Macrophages were plated on glass coverslips in 24-well plates (Costar) at 1 × 105 cells per well. M. avium was labeled with 1 μg/ml Texas red succinimidyl ester (Molecular Probes) according to the manufacturer’s protocol. The labeling did not affect the viability of the bacteria. Cells were infected with labeled M. avium for 2 h or left uninfected, and all cells were subsequently activated with rIFN-γ at 100 U/ml. After a 20 h incubation in the presence of rIFN-γ, cells were washed, fixed in periodate/lysine/paraformaldehyde (27), permeabilized with 1 mg/ml Zwittergent 3–12 (Calbiochem, La Jolla, CA), and incubated with Ab KL 295 (MHC class II) followed by incubation with FITC-conjugated goat anti-mouse secondary Ab (Jackson ImmunoResearch). Staining was visualized on a Bio-Rad confocal microscope (Hercules, CA).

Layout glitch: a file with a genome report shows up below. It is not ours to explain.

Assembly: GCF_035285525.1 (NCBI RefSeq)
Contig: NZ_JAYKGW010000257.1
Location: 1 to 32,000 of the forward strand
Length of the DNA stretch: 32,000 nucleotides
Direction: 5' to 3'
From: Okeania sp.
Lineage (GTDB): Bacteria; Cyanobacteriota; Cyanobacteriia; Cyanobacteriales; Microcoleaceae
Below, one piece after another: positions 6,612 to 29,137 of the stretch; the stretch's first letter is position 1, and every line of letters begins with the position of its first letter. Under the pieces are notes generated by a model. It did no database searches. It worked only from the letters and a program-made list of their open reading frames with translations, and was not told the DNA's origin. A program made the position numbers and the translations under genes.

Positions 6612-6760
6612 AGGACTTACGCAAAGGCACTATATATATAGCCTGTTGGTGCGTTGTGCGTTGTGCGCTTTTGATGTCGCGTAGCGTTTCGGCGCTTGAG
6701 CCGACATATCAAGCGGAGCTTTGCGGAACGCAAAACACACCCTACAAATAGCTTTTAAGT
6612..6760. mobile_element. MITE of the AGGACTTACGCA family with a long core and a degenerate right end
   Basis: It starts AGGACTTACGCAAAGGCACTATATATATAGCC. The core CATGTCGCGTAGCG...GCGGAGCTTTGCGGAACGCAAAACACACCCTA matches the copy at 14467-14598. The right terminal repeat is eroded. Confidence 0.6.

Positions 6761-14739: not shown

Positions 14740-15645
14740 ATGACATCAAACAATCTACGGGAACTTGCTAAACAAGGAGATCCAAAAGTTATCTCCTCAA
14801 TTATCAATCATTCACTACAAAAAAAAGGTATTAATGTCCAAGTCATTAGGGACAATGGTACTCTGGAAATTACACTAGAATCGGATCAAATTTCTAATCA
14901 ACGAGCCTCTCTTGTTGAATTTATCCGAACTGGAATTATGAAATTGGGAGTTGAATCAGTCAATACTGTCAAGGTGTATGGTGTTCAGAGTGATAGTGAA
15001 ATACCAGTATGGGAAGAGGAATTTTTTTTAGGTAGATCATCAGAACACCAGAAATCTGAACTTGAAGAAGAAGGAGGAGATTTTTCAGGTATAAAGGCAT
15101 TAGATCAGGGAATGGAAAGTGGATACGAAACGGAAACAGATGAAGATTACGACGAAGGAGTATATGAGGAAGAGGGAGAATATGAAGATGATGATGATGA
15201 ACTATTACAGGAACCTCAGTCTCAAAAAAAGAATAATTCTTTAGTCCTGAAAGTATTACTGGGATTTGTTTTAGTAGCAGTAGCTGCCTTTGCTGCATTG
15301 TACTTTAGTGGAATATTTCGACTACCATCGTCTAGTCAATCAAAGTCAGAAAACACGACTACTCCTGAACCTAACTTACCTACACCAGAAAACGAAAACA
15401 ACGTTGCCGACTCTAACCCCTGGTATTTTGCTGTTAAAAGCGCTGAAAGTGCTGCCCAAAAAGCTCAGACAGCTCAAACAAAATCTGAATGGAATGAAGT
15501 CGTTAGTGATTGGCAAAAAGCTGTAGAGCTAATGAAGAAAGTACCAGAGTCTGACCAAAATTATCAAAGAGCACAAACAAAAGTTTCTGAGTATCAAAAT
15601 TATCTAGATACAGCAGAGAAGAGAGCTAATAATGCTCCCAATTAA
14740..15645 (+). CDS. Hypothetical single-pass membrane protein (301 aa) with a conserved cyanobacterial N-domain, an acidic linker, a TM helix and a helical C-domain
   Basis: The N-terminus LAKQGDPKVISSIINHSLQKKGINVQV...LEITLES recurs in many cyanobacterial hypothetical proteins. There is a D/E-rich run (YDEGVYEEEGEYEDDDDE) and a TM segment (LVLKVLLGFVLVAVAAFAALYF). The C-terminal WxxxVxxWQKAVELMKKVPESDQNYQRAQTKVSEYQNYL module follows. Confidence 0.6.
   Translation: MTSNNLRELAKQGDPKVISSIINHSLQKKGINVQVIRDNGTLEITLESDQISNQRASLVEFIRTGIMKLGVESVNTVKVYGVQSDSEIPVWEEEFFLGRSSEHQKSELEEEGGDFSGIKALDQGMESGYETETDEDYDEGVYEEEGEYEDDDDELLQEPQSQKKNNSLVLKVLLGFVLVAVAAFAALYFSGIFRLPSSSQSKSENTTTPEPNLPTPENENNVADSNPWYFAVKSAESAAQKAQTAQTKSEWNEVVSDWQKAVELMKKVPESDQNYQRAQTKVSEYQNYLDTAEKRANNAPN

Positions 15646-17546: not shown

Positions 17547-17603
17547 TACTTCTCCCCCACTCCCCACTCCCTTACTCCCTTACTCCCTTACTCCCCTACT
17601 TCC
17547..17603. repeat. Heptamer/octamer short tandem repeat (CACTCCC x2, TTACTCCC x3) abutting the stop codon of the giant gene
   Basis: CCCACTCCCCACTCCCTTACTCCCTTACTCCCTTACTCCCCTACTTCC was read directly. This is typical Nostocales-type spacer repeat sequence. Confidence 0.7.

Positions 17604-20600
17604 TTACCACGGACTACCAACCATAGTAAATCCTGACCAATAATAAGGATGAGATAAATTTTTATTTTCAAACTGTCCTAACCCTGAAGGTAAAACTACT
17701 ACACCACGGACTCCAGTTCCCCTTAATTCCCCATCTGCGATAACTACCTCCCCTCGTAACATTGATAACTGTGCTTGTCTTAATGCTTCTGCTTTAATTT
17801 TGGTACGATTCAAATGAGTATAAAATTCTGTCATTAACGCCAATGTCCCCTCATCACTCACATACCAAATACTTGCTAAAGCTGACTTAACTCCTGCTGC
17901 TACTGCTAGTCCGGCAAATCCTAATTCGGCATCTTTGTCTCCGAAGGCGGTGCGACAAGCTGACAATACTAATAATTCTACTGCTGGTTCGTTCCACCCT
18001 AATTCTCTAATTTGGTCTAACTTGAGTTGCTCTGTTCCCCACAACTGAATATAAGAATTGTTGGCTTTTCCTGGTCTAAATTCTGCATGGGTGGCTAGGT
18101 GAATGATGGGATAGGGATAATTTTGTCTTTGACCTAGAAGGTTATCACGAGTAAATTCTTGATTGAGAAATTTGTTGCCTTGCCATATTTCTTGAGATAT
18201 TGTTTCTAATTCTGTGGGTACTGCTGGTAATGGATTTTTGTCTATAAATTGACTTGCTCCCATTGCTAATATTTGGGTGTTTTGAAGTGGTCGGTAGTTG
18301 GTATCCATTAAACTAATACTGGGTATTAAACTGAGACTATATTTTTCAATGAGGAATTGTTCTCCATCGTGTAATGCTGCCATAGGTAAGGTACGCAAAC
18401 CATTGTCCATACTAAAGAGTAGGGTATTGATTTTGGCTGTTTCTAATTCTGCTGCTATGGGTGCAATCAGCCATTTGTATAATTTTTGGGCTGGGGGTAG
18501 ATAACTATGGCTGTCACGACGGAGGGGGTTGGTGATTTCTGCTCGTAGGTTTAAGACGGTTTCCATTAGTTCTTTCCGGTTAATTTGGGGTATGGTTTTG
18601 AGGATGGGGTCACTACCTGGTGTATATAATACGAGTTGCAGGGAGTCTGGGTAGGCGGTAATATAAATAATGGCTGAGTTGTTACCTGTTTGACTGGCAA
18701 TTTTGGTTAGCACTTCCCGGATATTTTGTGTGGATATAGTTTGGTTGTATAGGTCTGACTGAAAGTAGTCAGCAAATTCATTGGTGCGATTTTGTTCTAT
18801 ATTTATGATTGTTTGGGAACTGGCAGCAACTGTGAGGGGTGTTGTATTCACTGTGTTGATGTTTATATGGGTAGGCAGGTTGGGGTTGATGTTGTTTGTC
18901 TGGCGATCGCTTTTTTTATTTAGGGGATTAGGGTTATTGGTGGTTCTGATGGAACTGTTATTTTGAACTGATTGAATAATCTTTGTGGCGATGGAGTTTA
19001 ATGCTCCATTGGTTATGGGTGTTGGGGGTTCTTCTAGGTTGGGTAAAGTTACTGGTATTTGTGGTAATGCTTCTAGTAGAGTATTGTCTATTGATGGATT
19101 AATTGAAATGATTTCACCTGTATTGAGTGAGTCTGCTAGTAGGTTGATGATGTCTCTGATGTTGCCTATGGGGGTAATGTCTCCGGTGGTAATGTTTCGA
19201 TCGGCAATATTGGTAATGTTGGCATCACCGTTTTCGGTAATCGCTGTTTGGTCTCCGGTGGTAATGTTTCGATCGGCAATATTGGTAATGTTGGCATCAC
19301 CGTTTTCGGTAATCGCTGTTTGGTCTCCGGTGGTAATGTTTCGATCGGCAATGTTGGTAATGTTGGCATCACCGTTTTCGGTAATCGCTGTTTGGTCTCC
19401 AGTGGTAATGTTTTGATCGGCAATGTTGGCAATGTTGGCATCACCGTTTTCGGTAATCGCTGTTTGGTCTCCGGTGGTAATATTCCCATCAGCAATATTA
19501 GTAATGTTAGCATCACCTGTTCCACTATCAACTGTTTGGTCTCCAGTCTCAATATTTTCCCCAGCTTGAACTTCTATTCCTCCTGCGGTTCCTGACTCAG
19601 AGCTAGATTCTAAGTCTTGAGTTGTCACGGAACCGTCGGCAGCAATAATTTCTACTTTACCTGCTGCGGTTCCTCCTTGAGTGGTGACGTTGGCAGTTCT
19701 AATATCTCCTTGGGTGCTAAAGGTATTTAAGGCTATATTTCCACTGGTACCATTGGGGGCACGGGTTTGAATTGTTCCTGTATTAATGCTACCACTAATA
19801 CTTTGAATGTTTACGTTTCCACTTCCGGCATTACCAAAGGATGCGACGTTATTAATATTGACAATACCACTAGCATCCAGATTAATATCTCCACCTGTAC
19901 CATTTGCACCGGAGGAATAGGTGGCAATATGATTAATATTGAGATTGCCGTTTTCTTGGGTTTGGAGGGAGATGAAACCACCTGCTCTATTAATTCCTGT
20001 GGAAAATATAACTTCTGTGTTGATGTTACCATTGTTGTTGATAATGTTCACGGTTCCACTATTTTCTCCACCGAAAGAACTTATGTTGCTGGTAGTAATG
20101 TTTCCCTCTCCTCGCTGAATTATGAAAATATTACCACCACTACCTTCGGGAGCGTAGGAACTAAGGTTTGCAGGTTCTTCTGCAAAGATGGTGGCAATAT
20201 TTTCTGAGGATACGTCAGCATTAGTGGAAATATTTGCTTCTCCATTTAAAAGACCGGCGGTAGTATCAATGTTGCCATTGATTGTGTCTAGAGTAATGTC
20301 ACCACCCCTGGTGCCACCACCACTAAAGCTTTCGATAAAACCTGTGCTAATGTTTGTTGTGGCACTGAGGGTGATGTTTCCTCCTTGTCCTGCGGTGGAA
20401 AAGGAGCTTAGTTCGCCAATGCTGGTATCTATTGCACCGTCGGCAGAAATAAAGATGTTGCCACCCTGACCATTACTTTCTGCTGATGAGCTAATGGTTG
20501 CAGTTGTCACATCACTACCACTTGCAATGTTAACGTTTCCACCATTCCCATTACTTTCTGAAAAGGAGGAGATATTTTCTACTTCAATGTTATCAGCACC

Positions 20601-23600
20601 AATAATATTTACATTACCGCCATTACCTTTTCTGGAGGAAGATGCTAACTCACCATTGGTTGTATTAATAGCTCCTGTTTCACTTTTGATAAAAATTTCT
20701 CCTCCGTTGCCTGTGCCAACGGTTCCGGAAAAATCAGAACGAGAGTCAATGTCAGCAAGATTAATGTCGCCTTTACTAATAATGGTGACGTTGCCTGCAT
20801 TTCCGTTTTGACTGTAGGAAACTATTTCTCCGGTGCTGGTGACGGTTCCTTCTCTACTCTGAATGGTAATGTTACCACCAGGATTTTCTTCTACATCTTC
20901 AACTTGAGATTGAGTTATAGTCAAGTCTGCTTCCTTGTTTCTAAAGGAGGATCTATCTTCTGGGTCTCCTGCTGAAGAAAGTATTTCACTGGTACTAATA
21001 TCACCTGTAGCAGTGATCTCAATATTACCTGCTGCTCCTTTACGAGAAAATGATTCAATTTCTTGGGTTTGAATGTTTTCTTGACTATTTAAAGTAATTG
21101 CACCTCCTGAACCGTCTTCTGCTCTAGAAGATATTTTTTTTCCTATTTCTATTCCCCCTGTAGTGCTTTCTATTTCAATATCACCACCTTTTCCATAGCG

MHC class II acquisition along the phagocytic pathway
Engulfment of a particle by a phagocytic cell leads to the formation of a new compartment, the phagosome, which undergoes complex maturation steps leading to the formation of a hydrolase-rich, acidic compartment, the phagolysosome (28). Maturation occurs through fusion with endosomal and biosynthetic vesicles, causing profound changes in the protein profile of phagosomes during the first few hours postinternalization (29). Mycobacteria are able to interfere with the maturation process, causing the phagosome to “freeze” at a developmental stage reminiscent of early phagosomes containing inert particles such as IgG-coated beads (20, 22, 25, 30).